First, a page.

The portraits section is largely composed of black, indigenous and women's bodies. Most of them were painted about 80 or 100 years ago, “when the intention was to apprehend this other, as something generalized in this body”, explains Beatriz. The exhibition, however, seeks to awaken another reading about these same works. “As much as these racialized and female bodies have been portrayed in this place from a modern perspective, here they are autonomous, firm, proud and with a lot of ownership of their own identities and subjectivities. So it is one of the gestures of this other perspective of looking at a historical collection”, completes the curator.
Zahy Guajajara's video installation approaches this section. With a proposal of indigenous futurism, the work reflects on the contact between the original cultures and the colonizer, with their impacts, their contradictions, presences and absences; appropriating technological language as a support for the survival of traditions.
Next to it, other nakoadas can be seen in the presence of the pieces from the collection of the Indian Museum. Karajá dolls are closer to the studies of Anthropophagy e to black, by Tarsila do Amaral, evidencing the similarity between the formal aspects and the possible references of the painter. And, when exhibited alongside renowned modernist works and works by artists from the contemporary scene, the indigenous creations introduce other clashes: “from provocations about what is art and what is an artifact, to questions about who establishes these definitions. What is the power these people have to define what is big art, what is small art, what is artifact, what is contemporary art? It's really cool to put this up for debate in a museum like MAM”, shares Denilson.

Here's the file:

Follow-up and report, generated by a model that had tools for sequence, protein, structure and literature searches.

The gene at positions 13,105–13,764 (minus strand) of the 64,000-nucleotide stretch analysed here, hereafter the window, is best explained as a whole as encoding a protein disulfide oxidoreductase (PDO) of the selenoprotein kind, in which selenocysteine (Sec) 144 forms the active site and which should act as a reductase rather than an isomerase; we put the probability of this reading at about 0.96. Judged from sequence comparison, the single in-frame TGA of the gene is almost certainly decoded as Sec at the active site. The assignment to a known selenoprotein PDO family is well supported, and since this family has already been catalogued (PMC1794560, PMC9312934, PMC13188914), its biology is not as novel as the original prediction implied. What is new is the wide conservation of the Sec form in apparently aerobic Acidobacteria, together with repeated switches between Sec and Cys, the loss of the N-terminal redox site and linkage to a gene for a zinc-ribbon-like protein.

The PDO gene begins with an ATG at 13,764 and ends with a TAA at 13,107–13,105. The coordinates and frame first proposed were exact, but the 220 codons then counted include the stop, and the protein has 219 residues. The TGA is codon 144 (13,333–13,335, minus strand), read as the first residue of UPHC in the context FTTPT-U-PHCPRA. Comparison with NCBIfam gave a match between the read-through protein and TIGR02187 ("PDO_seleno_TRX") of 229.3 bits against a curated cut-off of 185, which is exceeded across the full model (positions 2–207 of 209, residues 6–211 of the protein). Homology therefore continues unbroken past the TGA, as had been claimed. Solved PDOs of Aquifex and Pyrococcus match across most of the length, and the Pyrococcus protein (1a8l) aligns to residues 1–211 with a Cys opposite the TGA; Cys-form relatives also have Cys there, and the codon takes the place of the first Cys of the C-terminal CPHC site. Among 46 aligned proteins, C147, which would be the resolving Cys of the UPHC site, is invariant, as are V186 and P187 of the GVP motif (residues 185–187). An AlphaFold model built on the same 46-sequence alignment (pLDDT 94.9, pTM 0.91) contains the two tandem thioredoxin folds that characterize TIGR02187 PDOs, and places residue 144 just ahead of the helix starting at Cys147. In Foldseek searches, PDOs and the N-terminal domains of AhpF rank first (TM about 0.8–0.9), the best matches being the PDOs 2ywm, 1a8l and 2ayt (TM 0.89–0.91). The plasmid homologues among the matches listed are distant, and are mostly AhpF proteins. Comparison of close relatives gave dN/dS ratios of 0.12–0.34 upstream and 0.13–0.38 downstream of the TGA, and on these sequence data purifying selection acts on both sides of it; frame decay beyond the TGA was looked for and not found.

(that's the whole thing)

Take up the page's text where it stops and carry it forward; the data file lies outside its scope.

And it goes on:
The reflection extends to the complementary materials of the show, to which, along with the wall texts, we come into contact with audio recordings of narratives by indigenous peoples – the tikis. “Putting technical texts together with tiki texts is a way of provoking about what kind of knowledge we consider intellectualized or not, right?”, provokes Denilson.